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Advice / Career Paths / Exploring Careers

What I Learned Starting a Business at 19

At 19, most of us are in the midst of a college career, going out for dollar drafts on Wednesday when we have an exam Thursday, Facebooking instead of listening to that accounting lecture on debits and credits, staying up until the crack of dawn trying to finish that 15-page paper that’s due at 8 AM. And I was no different—except I was doing all that and then some.

A few months before I began my junior year at Miami University, my friend Sarah and I decided we were going to start our own business: a tanning service for fellow undergrads. Sure, why not? It can’t be that hard, right?

Well, it was hard, and I’m not here to tell you it wasn’t. But it was worth it. I learned—a lot—and I’m proud to say that two years later, Tan with Kare (TwK) by Katie & Sarah not only started in the middle of an economic crisis, but thrived in spite of it. Here are few of the invaluable lessons I learned:

1. Lose your fear of being wrong

I wish I could tell you that I got where I am today because I wasn’t scared to fail. But the truth is, I was. I was terrified. But I took the risk anyway because I realized that the absolute worst thing that could happen would be to have my venture fail. And yes, that would be painful, but what would I really lose? Money? Money isn’t everything—and honestly, it would be money well spent, because you'll learn more from the experience of giving it a shot than any textbook can ever teach.

2. Not everyone will take you seriously

Don’t take it to heart if a professor scoffs at your idea or a potential partner doesn’t return your calls. Use their doubts as motivation and prove them wrong! When we were looking for a room to rent, I can’t tell you how many times Sarah and I were ignored by a certain business owner in Oxford. So we tanned people out of our shower until someone else finally decided to give us a chance. And you know what? The guy that wouldn’t call us back? Now he calls all the time asking how to get a hold of us.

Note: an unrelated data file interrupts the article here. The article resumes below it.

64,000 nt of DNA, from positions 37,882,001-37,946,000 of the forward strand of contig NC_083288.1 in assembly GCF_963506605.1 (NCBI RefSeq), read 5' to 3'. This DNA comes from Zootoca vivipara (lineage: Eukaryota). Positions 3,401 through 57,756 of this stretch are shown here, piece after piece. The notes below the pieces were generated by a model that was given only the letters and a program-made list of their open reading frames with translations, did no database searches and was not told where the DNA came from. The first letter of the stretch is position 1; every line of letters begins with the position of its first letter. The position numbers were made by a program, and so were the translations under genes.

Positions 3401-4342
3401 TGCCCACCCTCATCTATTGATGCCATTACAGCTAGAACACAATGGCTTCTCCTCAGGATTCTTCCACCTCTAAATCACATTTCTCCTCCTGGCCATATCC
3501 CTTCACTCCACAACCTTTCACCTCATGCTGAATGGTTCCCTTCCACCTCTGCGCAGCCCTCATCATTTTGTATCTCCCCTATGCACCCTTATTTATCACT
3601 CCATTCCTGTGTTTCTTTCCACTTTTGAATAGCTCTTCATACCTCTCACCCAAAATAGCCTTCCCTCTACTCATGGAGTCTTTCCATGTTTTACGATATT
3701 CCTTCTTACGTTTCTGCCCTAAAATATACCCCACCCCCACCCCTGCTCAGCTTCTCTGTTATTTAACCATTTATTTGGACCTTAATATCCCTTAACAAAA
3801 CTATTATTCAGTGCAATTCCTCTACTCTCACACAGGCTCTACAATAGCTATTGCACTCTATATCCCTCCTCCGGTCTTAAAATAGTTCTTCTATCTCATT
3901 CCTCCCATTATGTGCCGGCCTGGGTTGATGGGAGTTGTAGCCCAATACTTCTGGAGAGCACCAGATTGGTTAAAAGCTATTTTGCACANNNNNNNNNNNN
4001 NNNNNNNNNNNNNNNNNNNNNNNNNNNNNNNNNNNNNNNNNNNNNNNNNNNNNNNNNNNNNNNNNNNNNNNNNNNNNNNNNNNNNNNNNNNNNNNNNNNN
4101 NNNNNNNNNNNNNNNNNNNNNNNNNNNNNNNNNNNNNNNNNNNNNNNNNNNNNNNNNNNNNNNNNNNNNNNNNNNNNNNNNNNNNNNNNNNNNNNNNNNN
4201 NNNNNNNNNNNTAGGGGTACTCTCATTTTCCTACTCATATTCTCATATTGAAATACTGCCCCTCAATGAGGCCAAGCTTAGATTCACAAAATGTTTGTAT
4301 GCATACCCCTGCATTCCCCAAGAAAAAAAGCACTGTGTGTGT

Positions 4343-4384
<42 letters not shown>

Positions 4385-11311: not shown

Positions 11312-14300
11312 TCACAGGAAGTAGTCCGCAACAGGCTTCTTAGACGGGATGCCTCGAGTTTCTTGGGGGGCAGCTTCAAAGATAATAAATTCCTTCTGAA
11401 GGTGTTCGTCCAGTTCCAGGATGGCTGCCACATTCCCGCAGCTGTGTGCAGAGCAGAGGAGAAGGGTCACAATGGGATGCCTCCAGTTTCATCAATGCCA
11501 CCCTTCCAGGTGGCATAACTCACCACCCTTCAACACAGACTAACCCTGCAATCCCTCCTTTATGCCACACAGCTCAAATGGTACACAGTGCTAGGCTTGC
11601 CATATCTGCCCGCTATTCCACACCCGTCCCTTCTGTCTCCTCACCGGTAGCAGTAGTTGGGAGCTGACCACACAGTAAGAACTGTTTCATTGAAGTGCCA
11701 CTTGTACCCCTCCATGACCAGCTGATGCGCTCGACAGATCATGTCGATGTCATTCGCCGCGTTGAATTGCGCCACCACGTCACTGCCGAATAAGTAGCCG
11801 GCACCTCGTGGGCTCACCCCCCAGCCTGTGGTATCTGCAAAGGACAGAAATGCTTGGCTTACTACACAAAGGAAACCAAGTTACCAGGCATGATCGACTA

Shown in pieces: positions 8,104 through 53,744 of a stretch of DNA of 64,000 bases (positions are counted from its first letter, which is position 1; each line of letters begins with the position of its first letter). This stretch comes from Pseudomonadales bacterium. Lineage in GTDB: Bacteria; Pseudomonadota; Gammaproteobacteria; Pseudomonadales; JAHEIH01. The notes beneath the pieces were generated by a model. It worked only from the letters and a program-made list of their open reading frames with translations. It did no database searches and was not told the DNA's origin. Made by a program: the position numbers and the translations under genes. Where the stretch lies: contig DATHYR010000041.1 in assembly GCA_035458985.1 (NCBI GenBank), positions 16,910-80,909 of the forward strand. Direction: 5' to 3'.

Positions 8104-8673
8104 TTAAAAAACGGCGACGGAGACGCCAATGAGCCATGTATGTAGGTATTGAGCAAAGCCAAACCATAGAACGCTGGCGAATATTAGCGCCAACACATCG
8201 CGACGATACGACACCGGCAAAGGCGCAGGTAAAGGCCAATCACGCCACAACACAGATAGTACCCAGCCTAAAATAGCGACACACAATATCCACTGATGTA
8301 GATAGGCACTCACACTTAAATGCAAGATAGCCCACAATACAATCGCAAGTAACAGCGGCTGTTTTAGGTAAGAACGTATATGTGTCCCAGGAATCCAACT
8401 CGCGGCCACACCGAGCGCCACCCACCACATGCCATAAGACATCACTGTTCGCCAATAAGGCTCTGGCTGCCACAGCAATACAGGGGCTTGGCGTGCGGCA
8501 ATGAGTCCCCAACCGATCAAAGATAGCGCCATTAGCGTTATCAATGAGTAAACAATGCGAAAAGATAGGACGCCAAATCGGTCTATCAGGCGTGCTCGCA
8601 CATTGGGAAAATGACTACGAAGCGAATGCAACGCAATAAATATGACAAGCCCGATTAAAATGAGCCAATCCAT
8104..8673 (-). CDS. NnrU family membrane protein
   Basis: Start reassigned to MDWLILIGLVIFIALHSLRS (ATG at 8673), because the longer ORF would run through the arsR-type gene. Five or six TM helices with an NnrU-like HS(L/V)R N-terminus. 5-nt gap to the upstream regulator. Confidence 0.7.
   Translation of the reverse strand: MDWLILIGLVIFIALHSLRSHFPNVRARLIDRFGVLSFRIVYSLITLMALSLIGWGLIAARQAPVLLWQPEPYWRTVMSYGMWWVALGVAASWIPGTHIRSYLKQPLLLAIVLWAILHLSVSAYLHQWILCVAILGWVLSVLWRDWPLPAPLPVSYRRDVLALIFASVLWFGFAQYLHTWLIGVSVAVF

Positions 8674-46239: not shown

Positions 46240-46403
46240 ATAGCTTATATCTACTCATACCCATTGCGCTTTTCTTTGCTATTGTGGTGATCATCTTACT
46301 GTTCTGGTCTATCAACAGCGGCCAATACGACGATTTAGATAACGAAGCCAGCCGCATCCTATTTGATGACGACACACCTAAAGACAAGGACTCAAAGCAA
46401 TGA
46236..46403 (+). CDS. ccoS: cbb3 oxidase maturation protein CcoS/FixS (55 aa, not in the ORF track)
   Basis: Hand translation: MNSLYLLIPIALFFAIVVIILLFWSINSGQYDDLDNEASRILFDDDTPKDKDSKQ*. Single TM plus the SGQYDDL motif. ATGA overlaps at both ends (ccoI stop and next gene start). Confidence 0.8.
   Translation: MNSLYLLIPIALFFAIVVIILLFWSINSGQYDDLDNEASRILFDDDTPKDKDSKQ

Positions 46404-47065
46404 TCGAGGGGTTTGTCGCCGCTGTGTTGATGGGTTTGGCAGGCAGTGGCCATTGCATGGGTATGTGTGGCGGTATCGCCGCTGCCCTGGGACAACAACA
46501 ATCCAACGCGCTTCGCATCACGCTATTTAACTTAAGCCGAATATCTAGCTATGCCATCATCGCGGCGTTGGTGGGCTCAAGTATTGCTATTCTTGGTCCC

3. Surround yourself with people who believe in you

When I started out, I had a business partner who was also a friend, supportive family who offered me advice, and great friends who were willing to act as free advertising and spread the word every chance they had. You need support as an entrepreneur—not just to get the word out, but also to keep you moving forward when things are tough. Without these people, Sarah and I could never have done it.


4. Network, Network, Network

Be outgoing, be kind, and be professional with every single person you meet. The older gentleman sitting next to you on the plane to your spring break destination? He might have experience or insight to share, or be able to introduce you to a valuable contact in your arena. You’d be surprised how many people out there want to help you; they’re just waiting for you to ask.


5. Find a mentor

The best decision I made was reaching out to my first entrepreneurship teacher, Mark Lacker, who became a valuable advisor to Sarah and I as we were getting started. Again: people will help you, but they’re waiting for you to ask.

6. Be passionate about what you do

It is not all about money. Yes, money is a great perk that comes with owning your own business, and it certainly can be a reason to want to go into business on your own. But if that’s your only driver, don’t bother. If you make decisions based off squeezing another few dollars out of each week and each sale, you’ll lose sight of what’s best for you, your clients, and your company as a whole. On the other hand, if you truly love what you’re doing, the work won’t seem like a burden and your passion will shine through in your day-to-day life. People will notice that—and it can be a major point of differentiation in your business environment and how you’re viewed by customers, employees, and other business owners.


7. It's not always as glamorous as it seems

There were countless happy hours, day parties, and group dinners I had to forgo in order to keep TwK running. You have to be willing to put in the hard and sometimes even tedious work if you’re going to get your business off the ground.


8. Use technology to your advantage

From Google and all its accoutrements to simple programs like QuickBooks to social media icons like Facebook and Twitter: use them, use them all, and use them appropriately. Coming from a girl who started out using an appointment book and pencil to keep track of everything, these things exist for a reason! I started with the mentality “I want to keep everything as simple as possible,” but when it came down to it, Google Calendar was really a more simple solution than my day planner.


9. Keep a balance in your life

You’re a student? Good, don’t forget that. I don’t care how successful your business is currently; don’t let your grades slip. If you don’t become the next Bill Gates or Mark Zuckerberg, you’ll want (and need) that degree to fall back on. It’s very easy to become very invested in what you are doing, and that isn’t a bad thing! But be careful not to get so preoccupied that you forget you have classes to attend, tests to study for, and friends to spend time with. Your college years go by faster than you ever imagine they will—so give yourself a break sometimes, and enjoy yourself.

Photo courtesy of Pete.